WASHINGTON (AP) - President Donald Trump's new travel ban comes without the chaos the old one touched off.
It doesn't go into effect immediately, giving the world time to assess its impact. And it comes after weeks of consultation with agency heads over legal issues and implementation.
The scaled-back order still faces critics who question whether it actually will make the U.S. safer in the long run.
The new order bars new visas for people from six Muslim-majority countries and temporarily shuts down America's refugee program, affecting would-be visitors and immigrants from Iran, Syria, Somalia, Sudan, Yemen and Libya.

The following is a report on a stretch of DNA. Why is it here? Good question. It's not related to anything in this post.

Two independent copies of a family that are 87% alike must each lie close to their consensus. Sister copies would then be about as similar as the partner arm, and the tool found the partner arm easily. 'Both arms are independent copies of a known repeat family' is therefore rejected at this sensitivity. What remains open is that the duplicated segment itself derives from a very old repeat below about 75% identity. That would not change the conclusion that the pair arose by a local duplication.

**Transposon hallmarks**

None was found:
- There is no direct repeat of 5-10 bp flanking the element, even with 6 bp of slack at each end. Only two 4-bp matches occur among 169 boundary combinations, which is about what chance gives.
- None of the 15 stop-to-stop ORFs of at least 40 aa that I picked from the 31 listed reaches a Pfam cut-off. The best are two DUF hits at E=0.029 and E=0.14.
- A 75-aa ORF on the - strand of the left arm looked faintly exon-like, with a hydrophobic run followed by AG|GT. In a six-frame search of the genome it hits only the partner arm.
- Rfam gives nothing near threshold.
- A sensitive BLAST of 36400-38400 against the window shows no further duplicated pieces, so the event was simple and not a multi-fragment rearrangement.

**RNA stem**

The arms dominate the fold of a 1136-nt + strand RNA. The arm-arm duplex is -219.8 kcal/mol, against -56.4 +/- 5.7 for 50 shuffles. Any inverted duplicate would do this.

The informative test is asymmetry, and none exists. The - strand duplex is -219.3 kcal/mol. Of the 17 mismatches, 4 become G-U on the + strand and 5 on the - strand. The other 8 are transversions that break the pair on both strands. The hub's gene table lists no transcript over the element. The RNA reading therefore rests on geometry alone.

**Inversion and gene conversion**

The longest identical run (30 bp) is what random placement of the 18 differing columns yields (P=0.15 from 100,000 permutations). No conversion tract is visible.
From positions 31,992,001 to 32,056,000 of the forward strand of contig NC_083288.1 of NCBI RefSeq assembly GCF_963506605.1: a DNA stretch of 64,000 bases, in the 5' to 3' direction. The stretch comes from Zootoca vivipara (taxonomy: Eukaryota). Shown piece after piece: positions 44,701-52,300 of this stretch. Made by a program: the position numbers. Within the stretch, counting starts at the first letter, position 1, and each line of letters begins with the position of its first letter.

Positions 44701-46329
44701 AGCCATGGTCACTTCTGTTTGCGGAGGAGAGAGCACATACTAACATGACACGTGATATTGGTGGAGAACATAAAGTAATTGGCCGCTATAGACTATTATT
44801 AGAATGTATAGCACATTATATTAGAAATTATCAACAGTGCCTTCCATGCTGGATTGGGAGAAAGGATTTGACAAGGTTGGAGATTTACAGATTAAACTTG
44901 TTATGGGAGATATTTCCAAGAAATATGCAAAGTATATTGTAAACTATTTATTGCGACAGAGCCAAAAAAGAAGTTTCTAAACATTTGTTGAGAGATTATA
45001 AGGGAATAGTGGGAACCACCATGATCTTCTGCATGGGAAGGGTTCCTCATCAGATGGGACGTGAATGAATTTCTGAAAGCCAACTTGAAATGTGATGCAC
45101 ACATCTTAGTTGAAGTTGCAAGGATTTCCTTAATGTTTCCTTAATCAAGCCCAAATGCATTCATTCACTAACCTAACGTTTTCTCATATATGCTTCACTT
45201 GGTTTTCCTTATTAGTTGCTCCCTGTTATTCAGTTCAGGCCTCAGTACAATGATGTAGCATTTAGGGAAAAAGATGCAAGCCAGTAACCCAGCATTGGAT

But the new ban eliminates many of the original order's most contentious elements. It removes Iraq from the list of banned countries and makes clear that current visa holders will not be impacted.